These findings suggest that adults with severe chronic ABI might benefit from strategy instruction that focuses on spending more time planning prospective tasks, making note of key details associated with these tasks, and effectively using planning documents like calendars. As with Article 2, this study seems to support the need for long-term SLP services among individuals with severe brain injury to assist in developing and implementing effective cognitive communicative strategies. The study also highlights the importance of using ecologically valid assessments to determine functional individualized treatment programs for adults with brain injury.

Final Thoughts

The studies highlighted here focus on characterizing and assessing various attention and memory skills among adults with mild to severe brain injuries in acute and chronic stages. Overall, this research provides evidence for the medical necessity of SLP services from the acute phase of TBI through the longer-term, chronic stages of TBI. The findings illustrate the need for SLP services to provide ecologically valid assessment in order to determine cognitive-communicative strengths and weaknesses and to develop comprehensive functional individualized treatment plans that include the development and implementation of effective compensatory strategies. Though two of the three articles reviewed here come from journals outside of the discipline of SLP and do not refer to SLP services specifically, they clearly demonstrate the need for our services in this population.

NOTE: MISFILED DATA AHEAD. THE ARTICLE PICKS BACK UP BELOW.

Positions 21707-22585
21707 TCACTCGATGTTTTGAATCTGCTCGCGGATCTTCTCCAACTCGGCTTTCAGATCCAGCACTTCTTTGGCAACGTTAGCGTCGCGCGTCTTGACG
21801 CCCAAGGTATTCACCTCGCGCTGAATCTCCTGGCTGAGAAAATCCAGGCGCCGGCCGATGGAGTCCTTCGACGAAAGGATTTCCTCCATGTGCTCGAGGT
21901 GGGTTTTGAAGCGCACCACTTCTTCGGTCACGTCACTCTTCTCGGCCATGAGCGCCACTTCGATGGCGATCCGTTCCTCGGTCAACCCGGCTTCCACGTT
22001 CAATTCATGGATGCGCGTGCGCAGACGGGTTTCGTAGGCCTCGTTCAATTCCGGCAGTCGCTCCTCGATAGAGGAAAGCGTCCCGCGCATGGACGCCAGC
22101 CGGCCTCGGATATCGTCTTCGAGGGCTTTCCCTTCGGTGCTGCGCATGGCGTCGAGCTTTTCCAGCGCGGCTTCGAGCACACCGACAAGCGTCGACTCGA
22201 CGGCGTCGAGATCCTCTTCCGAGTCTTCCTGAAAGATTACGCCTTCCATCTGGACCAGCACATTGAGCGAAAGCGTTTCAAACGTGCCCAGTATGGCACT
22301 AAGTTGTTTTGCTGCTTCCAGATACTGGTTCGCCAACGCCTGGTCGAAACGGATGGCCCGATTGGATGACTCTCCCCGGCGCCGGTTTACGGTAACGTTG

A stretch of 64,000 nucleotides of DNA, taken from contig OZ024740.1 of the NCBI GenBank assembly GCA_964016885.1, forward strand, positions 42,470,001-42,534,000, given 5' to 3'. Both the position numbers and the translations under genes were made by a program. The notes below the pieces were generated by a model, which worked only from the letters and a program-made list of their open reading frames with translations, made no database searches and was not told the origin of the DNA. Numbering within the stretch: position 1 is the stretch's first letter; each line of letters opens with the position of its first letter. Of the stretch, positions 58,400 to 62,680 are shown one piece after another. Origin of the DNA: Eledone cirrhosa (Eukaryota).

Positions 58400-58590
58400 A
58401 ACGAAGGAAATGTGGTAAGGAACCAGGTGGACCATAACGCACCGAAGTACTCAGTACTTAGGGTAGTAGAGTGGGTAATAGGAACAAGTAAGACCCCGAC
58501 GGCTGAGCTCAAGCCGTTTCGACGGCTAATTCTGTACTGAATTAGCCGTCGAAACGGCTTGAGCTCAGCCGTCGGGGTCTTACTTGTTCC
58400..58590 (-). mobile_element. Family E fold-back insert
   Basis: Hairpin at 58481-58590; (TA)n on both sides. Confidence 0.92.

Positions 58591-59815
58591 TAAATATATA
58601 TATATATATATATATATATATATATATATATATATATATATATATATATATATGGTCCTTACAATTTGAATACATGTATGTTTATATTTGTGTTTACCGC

None of the studies reviewed here included individuals with blast-related brain injuries, which are frequently the cause of TBI among military personnel/veterans. Research suggests that blast-related injuries among military personnel may present differently from non-blast related injuries in terms of symptoms and recovery (Chapman & Diaz-Arrastia, 2014), so we must keep this in mind as we work with adults with TBI from different backgrounds and different types of injuries.


april garrity

April Garrity, PhD, CCC-SLP

April Garrity, PhD, CCC-SLP is associate professor of communication sciences and disorders in the Department of Rehabilitation Sciences at Georgia Southern University’s Armstrong Campus. Her teaching and research interests include language acquisition and impairment across the lifespan and clinical populations, linguistic variation, and the effects of various pedagogical approaches on learning. She also maintains an active clinical practice with adults.